William Stevens Irvine, 1851

stan@wiclarkcountyhistory.org on Tue, 13 Feb 2001

Surname: IRVINE, JOHNSON, LOOMIS, FINCH, ROSCOE, FLETCHER, GRAVES, ROMAINE

Source: 1918 History of Clark Co., WI, by Franklyn, Curtiss-Wedge
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Mr. & Mrs. William Irvine

WILLIAM STEVENS IRVINE, an early settler in Clark County, and in former years one of its leading public men, holding various offices, and representing his district in the State Assembly, who is now living retired in the village of Loyal, was born in Lona Cona, Md., March 18, 1851, youngest son of John and Katherine (Johnson) Irvine, natives of Scotland, who were there married, and upon coming to America, located first in Nova Scotia, and then in Lona Cona, Md., coming to Trempealeau County in 1852. There were twelve children in the family--Isabella, John, Walter, Margaret, Ellen, Anna, Francis, William S. and four who died in infancy.

At the age of 14. William S. started work on the Mississippi River, running rafts down to Muscatine, Iowa. In the winters he continued to go to school. When 16, he crossed the plains and went through the Rocky Mountains to Salt Lake City looking for gold. The Indians were so bad that the-party turned back and returned home. Then, after a year in Iowa, and a short time in school, he again resumed his river rafting. In 1870, being then a strong, healthy young man of 19, he came to Clark County when the lumber industry was in full swing, in the employ of W. W. Crosby & Co., as logger and lumberman.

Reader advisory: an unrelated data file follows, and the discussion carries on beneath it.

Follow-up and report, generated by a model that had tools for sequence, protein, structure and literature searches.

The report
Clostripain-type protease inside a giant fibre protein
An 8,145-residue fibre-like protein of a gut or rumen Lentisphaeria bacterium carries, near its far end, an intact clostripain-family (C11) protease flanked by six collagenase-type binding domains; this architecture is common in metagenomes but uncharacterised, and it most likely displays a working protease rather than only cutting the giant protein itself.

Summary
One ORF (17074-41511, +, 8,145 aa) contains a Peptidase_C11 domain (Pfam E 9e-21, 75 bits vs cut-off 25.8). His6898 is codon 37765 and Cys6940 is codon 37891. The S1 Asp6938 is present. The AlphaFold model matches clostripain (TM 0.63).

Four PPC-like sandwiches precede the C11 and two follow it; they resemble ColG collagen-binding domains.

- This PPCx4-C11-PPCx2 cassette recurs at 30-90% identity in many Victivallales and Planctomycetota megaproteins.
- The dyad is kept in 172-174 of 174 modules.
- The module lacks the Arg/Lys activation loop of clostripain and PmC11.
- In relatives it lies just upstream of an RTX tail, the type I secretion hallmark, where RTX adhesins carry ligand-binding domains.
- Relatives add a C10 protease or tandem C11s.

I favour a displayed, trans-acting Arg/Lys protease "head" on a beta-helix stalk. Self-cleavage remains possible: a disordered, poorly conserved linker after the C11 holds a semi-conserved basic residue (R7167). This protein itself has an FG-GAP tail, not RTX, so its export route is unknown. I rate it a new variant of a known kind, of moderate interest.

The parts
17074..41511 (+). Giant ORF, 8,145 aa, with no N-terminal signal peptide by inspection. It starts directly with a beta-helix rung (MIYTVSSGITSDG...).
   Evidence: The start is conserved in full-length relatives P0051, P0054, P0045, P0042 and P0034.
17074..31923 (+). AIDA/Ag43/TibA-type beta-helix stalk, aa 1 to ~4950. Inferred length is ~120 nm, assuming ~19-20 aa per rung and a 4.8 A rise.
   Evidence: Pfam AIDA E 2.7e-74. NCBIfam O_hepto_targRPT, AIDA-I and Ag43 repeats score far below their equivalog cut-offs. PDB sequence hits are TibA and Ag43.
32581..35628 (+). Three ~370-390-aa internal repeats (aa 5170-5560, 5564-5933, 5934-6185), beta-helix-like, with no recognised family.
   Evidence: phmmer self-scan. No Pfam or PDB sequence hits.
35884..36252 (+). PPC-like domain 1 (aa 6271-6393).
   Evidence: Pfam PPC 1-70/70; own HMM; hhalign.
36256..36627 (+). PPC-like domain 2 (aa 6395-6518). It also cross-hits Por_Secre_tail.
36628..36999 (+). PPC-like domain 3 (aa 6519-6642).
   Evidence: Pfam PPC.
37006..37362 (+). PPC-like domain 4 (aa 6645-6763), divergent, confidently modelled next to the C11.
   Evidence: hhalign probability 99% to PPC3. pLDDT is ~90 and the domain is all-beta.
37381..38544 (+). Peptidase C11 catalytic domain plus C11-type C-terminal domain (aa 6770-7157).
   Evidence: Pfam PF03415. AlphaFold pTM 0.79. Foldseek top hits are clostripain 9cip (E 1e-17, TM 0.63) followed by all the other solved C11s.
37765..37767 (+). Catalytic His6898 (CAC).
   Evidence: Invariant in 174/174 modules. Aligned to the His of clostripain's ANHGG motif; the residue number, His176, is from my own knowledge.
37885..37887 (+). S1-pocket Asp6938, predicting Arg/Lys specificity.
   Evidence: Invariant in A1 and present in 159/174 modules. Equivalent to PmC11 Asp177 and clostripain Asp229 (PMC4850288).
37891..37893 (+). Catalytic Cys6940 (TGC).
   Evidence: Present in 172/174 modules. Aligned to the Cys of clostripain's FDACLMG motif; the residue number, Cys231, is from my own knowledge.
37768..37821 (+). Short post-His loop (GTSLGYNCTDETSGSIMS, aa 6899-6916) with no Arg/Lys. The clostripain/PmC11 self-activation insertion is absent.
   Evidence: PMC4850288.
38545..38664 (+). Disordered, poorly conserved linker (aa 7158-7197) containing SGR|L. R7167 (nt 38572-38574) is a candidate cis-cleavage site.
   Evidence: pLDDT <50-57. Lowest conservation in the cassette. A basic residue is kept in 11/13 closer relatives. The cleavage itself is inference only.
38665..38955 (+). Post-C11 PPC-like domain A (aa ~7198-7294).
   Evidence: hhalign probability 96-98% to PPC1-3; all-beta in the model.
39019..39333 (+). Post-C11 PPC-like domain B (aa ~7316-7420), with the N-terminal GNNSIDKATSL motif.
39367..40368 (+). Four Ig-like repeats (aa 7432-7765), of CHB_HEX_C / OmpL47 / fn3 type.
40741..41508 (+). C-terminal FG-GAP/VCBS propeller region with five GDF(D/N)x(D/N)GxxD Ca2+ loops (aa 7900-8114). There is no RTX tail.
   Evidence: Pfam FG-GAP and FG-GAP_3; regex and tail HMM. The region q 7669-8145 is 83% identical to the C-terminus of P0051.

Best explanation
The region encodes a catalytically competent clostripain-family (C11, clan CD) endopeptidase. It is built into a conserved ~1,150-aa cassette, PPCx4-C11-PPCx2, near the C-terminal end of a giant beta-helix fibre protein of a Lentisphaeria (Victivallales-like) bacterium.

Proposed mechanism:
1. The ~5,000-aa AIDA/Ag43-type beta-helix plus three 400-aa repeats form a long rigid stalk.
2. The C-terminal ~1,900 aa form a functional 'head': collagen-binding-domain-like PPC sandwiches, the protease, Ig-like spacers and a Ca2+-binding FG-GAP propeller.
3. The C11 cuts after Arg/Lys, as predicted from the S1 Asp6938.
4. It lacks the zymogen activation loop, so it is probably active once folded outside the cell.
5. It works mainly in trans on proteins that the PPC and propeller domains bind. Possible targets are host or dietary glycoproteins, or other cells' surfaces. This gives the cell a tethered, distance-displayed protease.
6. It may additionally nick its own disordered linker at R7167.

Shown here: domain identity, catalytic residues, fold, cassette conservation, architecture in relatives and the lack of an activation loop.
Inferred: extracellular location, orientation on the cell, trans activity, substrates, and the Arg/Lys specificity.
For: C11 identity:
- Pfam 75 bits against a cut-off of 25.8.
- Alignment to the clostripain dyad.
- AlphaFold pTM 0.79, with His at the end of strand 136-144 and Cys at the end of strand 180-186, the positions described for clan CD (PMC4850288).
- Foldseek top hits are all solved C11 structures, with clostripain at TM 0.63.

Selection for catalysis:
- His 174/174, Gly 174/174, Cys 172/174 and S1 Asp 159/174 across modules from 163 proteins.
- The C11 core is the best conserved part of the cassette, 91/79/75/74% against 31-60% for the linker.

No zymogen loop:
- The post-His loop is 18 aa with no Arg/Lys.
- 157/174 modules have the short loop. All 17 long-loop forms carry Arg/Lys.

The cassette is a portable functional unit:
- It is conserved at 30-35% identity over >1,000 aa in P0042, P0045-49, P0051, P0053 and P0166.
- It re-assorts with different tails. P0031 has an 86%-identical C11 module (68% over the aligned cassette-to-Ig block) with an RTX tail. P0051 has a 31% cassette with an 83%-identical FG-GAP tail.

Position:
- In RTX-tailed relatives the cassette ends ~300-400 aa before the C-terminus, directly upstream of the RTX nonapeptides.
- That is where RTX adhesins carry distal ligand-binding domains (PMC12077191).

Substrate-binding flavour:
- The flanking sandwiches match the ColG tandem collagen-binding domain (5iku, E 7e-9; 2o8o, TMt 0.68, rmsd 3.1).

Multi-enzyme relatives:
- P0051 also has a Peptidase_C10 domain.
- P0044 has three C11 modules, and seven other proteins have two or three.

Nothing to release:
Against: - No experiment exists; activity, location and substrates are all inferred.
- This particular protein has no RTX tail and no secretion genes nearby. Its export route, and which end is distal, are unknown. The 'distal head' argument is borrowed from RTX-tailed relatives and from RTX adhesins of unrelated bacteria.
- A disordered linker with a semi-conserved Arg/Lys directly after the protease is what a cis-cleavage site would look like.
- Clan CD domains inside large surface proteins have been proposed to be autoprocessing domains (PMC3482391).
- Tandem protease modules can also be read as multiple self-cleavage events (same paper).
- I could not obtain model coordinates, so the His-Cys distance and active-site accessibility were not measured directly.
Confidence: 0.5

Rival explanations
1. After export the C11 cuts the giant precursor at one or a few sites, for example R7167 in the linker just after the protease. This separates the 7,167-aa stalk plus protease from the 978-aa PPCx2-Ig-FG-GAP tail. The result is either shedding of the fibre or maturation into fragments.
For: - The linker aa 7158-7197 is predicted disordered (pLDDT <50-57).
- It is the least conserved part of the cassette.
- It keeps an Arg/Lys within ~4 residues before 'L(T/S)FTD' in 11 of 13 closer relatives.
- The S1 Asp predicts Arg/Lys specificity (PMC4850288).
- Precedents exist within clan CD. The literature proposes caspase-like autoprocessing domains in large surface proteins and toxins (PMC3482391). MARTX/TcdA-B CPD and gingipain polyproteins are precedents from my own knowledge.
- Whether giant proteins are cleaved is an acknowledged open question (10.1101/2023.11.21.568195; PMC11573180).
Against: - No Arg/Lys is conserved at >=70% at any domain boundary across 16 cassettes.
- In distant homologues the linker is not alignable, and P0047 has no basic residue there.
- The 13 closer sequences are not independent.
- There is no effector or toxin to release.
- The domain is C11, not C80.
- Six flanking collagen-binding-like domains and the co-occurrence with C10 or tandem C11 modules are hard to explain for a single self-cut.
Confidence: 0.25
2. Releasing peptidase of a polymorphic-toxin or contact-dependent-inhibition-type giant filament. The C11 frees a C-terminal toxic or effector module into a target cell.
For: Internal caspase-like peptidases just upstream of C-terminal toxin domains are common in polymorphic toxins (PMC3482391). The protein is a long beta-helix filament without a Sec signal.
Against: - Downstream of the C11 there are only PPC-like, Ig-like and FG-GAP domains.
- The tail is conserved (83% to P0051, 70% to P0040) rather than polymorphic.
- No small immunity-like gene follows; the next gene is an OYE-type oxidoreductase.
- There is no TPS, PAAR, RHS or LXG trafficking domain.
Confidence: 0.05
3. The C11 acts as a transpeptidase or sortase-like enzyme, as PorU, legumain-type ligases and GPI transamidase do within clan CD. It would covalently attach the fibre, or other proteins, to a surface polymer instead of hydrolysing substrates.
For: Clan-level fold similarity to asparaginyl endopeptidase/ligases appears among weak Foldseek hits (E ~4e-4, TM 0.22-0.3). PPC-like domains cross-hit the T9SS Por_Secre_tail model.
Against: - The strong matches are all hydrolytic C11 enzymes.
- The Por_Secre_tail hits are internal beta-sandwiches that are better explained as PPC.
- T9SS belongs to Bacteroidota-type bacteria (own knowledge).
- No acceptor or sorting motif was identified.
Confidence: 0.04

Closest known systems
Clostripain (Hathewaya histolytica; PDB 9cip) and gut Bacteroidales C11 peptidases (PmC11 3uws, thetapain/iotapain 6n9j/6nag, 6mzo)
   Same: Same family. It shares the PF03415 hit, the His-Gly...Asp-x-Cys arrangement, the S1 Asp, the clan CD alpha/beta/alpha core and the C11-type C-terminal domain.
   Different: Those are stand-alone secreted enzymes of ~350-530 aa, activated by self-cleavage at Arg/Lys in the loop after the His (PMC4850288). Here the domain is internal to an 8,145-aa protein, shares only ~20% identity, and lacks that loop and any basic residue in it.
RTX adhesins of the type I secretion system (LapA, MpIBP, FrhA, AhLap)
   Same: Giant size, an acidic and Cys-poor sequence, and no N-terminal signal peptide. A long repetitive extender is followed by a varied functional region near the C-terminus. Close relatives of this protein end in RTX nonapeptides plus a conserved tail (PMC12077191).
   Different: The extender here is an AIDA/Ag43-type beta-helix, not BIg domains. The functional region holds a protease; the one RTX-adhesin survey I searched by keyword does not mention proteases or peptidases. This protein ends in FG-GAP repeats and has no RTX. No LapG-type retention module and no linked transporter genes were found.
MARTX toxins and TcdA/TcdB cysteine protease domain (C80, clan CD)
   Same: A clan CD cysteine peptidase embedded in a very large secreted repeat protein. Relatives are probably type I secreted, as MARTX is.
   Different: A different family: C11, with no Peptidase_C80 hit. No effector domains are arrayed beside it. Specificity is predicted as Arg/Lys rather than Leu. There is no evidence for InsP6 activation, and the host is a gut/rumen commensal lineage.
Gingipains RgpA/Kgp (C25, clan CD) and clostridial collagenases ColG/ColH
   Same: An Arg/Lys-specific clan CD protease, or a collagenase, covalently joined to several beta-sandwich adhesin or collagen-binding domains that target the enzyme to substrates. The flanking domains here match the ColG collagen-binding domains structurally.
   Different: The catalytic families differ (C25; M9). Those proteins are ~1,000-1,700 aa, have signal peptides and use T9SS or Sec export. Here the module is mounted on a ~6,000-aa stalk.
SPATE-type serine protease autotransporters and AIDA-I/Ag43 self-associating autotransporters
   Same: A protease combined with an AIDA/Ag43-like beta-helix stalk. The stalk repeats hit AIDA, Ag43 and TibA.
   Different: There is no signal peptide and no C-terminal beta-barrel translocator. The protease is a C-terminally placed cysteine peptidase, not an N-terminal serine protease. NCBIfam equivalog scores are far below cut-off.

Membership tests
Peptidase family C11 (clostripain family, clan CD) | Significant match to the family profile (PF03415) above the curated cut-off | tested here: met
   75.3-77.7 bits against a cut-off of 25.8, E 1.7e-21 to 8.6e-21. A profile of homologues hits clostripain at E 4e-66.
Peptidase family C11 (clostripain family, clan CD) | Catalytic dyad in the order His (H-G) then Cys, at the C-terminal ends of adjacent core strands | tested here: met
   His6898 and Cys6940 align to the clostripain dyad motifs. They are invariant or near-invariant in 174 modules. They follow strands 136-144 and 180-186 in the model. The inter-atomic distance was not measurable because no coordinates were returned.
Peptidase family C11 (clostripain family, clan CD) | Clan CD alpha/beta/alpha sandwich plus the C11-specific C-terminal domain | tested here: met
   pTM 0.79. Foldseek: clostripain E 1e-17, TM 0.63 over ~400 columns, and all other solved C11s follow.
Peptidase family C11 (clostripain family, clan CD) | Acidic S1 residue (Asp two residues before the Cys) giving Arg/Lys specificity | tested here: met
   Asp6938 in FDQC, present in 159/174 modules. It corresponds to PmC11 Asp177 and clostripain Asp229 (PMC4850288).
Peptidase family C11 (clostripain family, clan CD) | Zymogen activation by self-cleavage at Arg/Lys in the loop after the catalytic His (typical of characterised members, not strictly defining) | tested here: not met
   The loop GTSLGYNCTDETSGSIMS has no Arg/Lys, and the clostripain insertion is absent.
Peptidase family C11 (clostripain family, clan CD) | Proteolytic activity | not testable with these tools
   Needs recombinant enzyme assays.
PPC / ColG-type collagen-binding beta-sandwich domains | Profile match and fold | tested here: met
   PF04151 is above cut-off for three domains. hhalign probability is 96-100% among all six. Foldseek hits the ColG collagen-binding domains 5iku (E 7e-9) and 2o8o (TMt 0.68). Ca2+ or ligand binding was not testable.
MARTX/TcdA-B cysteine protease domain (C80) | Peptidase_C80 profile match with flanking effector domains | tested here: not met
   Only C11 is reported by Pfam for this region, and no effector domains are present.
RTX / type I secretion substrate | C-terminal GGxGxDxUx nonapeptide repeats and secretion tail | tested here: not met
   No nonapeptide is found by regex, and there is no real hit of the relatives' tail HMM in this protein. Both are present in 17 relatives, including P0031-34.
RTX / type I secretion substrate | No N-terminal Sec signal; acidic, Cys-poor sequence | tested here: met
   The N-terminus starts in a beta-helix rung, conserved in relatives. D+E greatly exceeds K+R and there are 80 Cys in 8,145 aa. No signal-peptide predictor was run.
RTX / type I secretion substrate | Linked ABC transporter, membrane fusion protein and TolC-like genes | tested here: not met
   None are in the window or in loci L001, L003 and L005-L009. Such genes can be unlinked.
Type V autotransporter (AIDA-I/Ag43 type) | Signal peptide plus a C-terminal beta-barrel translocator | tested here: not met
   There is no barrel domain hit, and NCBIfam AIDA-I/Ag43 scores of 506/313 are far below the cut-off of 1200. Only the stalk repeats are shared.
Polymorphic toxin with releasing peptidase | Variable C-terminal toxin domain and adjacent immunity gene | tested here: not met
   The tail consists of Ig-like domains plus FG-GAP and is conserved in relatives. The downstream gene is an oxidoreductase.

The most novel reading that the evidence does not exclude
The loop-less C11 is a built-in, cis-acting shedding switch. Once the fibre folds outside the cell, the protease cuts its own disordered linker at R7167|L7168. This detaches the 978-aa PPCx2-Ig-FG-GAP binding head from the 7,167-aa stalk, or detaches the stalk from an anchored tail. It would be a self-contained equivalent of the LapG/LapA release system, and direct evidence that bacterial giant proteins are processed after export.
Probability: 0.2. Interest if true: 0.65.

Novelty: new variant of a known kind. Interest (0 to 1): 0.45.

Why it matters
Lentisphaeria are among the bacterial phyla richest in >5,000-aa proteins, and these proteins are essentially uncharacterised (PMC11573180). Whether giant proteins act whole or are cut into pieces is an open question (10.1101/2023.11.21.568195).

After his marriage, in 1873, he settled on his wife's homestead in Beaver Township, their first dwelling on the place being a log cabin. From that time on Mr. Irvine worked on the farm in summer and in the woods during the winter, following the latter occupation as long as the lumber industry was flourishing, and Afterwards giving his whole attention to the old farm, which he cleared, erecting on it good, substantial buildings. His career as a farmer was successful and lasted until 1914, in which year he retired, taking up his residence in Loyal, where he and his wife are now living in the enjoyment of an ample competency. Mr. Irvine's force of character and reliable qualities as a man and citizen brought him into public notice at an early date, and he naturally became identified with the affairs of local government. He was a member of the school board of his district for twenty years, and chairman of the town board for sixteen or eighteen years.